Gap's share price falls after reporting downbeat full-year earnings outlook

James Nickerson
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Gap To Close A Quarter Of US Stores By 2016
Gap has approved a $1bn share repurchase plan (Source: Getty)

After announcing a fairly downbeat full-year earnings outlook, retailer Gap's share price slid over four per cent in after hours trading.

The company said that it now expects diluted earnings per share to be in the range of $2.20 - $2.25 for the 2016 fiscal year, against expectations of $2.44 per share.

The news came as the company, which owns Banana Republic and Old Navy, reported net income of $214m (£153m) to the 13 weeks to January 30, down from $319m a year ago.

That meant earnings per share were 53 cents, down from 75 cent per share in the same period a year ago.

Net sales also fell to $4.4bn from $4.7bn. Still, it was better than expectations of earnings per share of 51 cents on sales of $4.4bn, according to the Financial Times. The company said it was negatively hit by the "translation of foreign currencies into US dollars".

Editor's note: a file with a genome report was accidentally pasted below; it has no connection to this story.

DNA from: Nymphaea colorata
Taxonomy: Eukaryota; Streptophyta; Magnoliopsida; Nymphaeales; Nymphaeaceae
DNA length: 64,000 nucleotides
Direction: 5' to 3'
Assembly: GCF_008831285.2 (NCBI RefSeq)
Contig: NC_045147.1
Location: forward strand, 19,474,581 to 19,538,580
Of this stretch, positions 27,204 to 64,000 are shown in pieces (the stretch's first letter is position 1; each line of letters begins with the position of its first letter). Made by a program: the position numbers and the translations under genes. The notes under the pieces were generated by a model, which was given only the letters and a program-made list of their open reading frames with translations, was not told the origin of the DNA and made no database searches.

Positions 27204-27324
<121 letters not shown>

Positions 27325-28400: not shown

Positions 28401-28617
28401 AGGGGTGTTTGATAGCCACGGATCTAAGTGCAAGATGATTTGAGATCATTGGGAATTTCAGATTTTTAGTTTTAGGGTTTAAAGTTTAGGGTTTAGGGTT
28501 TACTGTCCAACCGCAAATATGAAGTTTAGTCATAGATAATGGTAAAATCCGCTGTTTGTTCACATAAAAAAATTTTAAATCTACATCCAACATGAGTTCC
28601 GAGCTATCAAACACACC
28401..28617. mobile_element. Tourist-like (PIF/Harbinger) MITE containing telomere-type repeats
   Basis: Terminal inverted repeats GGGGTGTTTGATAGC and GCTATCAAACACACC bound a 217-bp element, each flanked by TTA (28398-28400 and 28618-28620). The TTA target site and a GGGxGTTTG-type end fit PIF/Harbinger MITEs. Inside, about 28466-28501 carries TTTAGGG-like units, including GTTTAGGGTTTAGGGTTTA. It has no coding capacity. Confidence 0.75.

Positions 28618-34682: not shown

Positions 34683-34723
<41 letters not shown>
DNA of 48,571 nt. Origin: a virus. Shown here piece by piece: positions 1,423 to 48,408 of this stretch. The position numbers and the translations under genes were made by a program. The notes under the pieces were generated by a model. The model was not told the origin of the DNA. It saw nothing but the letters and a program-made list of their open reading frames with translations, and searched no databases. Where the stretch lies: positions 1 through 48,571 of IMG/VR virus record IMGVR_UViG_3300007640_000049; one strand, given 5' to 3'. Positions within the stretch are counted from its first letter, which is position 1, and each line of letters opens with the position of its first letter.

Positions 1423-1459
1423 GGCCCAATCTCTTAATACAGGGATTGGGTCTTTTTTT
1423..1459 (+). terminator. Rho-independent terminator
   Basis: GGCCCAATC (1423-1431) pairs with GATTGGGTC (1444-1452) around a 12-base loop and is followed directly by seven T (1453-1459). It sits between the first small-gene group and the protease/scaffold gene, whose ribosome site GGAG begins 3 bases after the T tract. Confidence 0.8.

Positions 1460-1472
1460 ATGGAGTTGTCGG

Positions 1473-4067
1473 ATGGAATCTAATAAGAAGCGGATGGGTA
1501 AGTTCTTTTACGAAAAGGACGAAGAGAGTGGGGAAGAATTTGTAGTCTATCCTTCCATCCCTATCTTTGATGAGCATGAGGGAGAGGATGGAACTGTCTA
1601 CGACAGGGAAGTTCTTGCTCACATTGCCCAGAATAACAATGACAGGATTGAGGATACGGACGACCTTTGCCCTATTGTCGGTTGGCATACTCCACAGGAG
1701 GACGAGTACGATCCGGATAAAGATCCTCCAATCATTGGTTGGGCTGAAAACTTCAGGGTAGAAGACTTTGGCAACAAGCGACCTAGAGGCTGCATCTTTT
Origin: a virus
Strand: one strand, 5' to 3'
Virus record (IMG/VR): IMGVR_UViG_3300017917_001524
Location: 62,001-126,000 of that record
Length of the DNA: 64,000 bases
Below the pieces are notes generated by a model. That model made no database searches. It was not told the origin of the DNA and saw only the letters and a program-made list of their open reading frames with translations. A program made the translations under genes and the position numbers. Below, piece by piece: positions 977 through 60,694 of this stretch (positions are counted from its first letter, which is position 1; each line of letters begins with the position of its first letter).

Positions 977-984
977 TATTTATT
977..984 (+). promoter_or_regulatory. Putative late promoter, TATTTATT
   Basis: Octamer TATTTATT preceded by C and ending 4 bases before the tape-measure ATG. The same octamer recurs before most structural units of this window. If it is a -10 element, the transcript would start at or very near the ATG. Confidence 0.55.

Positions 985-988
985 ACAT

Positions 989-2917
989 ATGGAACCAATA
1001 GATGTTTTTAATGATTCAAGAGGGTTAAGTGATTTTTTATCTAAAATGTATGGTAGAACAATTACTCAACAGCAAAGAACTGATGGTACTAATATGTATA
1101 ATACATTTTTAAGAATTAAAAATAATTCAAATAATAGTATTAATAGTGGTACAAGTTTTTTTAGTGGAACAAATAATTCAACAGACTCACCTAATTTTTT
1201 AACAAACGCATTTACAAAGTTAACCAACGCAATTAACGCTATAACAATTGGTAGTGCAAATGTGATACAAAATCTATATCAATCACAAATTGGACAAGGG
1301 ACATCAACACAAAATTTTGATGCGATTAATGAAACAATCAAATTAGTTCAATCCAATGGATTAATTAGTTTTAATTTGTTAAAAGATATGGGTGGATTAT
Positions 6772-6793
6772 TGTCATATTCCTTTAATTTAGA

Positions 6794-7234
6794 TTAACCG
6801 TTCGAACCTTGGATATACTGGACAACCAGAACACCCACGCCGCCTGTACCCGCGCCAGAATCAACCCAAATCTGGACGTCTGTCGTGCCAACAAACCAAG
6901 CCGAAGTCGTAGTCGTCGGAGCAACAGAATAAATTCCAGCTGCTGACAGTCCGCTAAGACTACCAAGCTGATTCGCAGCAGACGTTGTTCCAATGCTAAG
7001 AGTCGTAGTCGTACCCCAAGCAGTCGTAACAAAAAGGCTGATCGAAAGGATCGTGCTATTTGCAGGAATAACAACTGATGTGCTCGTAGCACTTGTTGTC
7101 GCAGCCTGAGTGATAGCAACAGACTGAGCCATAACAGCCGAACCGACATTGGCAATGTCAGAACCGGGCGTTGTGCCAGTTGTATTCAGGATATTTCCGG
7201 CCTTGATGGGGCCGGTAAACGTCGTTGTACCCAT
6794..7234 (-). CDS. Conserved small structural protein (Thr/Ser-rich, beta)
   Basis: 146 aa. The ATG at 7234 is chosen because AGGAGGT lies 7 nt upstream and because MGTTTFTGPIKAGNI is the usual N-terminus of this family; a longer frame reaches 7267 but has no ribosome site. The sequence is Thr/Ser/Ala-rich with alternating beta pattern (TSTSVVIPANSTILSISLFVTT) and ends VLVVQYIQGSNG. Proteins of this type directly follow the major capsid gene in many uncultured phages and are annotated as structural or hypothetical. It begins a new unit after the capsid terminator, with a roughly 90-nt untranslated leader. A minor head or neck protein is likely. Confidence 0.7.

Adjusted earnings per share was reported at 57 cents, excluding the $25m and $132m pretax impact of initiatives announced in June, including the closure of 175 stores.

"With a year of transition behind us, I’m confident that we have the right strategies in place to fuel our long-term growth," said chief executive Art Peck. "We made significant progress in 2015 transforming our product operating model, enabling us to be more responsive to trends and market conditions, and consistently deliver on-brand product collections."

"Our brands are strengthening their connections with customers through digital, and especially mobile, enhancement that create richer experiences whether shopping online or in stores, or any combination of channels," Peck added.

However, Gap's share price has been haemorrhaging since the start of 2015, dropping by more than 35 per cent.

It's said in the past that spring would be a watershed moment for the retailer, but it has faced tough competition from the likes of H&M due to the increasing use of ecommerce to buy clothes.

Gap also said it approved a new $1bn share repurchase plan.

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